In examining the teachings concerning the many aspects of the moral life, we have been impressed that the moral virtues serve a variety of uses in man's spiritual growth and development. In teaching this subject, especially to young people and young adults, we have sensed that a consideration of the primary uses served by the moral virtues is of great benefit, if not indeed essential to a proper understanding of the subject.
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THE MORAL VIRTUES AS ULTIMATES OF SPIRITUAL LOVES
In His Second Coming the Lord has revealed truths which are to establish new forms of love and wisdom with man on earth. New concepts, new standards, new values, and new attitudes concerning every phase of life, are necessary requirements which the truths of the Second Coming demand. And it is important for us to realize and remember, that the Lord cannot reveal new truths to a world long steeped in a host of various falsities and evils, without these new truths being in conflict with countless false concepts, attitudes, and practices, relating to every aspect of life.
It is a truth, that those who receive the truths of the New Church in their lives, and not merely in their intellects, will be different from those who do not, not only in their beliefs and ideals, but in the quality of the virtues they develop wherein their uses, actions, and habits are formed and expressed. There are some of us who are inclined to question this teaching, and not from any wrong intent, but rather from misplaced modesty, from indications of personal experience, or from a wrong understanding of what is being taught. So let us be careful that we understand this teaching correctly. Truths that are learned, acknowledged, and used to do the good of life, are the means whereby the Lord establishes the loves of heaven with man, and they form in him what the Writings describe as the internal man. As soon as there is the beginning of such a formation of internal heavenly loves, these loves seek orderly, suitable, and corresponding forms in the things of man's natural life--in what is moral, in what is civil, and indeed, even in the most external knowledges and pleasures the world can offer.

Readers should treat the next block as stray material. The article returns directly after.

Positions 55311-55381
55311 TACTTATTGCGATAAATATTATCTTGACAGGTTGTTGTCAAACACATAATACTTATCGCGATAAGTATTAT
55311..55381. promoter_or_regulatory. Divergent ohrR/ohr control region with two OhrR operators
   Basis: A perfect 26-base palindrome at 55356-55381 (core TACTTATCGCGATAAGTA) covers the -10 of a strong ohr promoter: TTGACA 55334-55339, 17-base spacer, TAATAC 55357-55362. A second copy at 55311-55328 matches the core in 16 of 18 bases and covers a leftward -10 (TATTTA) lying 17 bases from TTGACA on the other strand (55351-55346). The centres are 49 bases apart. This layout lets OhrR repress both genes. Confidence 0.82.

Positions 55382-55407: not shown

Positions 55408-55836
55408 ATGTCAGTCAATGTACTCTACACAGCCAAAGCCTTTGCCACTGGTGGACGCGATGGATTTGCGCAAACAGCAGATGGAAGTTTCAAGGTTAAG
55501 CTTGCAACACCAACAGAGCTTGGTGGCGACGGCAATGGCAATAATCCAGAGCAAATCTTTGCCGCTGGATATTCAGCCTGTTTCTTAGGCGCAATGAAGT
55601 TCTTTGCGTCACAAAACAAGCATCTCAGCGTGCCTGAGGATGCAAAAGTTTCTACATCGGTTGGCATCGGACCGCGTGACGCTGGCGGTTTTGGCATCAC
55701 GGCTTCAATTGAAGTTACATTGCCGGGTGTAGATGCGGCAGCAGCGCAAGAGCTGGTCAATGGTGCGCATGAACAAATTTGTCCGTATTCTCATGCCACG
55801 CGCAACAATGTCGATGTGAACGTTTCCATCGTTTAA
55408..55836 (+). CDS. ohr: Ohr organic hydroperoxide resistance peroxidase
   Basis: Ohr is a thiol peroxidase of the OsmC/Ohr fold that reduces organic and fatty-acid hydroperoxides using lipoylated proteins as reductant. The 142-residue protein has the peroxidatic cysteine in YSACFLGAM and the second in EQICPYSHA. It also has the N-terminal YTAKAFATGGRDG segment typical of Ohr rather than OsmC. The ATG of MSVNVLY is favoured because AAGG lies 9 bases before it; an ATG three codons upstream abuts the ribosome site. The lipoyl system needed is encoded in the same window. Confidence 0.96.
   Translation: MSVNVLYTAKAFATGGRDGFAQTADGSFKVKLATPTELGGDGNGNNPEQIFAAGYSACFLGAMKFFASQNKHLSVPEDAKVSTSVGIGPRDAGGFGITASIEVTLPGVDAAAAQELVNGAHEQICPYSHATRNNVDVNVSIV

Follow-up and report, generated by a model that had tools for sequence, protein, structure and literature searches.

It is a general teaching in the Writings that all love, whether it be good or evil, seeks to find form, expression, and activity, in and through the ultimate or external things of natural life. Love seeks such natural things because through them it finds the means of its delight, pleasure, and use. And it is of Divine order that love should so operate, for it is only by doing so that the Lord can provide the communication and association of loves and uses necessary for the formation and preservation of all human and angelic society. That internal love is in its fullness, and its use, when it enters into and conjoins itself with its orderly external forms, is one of the meanings of the teaching that "in ultimates there is all power." (AE 726:5; AC 9836:2; CL 44:8)
Now then, what are the primary external forms wherein internal heavenly loves find their plane of use and delight: They are given in the Writings as the moral virtues. We would include a partial list of the moral virtues here that are given in the Writings to refresh the memory as to their nature and scope. Temperance, sobriety, integrity, benevolence, friendship, modesty, sincerity, obligingness, civility, diligence, industry, alertness, alacrity (a cheerful readiness), munificence (lavish generosity), earnestness, prudence, courage, justice, equity, uprightness, chastity, and even good manners. (CL 164, 22, 331; DW 5 )
The knowledge of these moral virtues is by no means new; they are externals which both good and evil men have known and used from the beginning.
For various reasons, all of which we would regard as being unregenerate, we incline to regard the moral virtues as somewhat unimportant, as mere external forms; we incline not to make it a matter of conscience when we ignore or abuse these forms. Supported, and sometimes pressured, by the prevailing attitudes of the environment around us, we catch ourselves tending to think of the moral virtues as being the property of society. And such thinking is confirmed by the fact that the moral virtues seem to change from age to age. In one age certain virtues will be emphasized, while in another age those same virtues will be thought to be old-fashioned and out of date. The circumstances of the times seem to set the stage for how the moral virtues will be used; which virtues are acceptable and fashionable and which are not. During the last World War one may remember, for example, the change in attitude of the masculine toward the feminine. With women entering factories, doing masculine jobs, and wearing masculine clothes, much of the masculine virtues of consideration and courtesy toward the feminine almost disappeared. And in that restless period of war, the virtue of chastity, already falling as a star from heaven, continued to plummet into the mire of everyday natural, sensual, earth-life.
We have wandered so far from a correct idea of the moral virtues, their proper place, their use, and importance, that we even find ourselves at times being repelled by them. We see, for example, the apparent form of a moral virtue with someone whose character we neither admire nor respect, and associating that virtue with them, we tend to turn away from it ourselves--perhaps we make light of the virtue, and make it unimportant, or we may even come to deny that it is a virtue.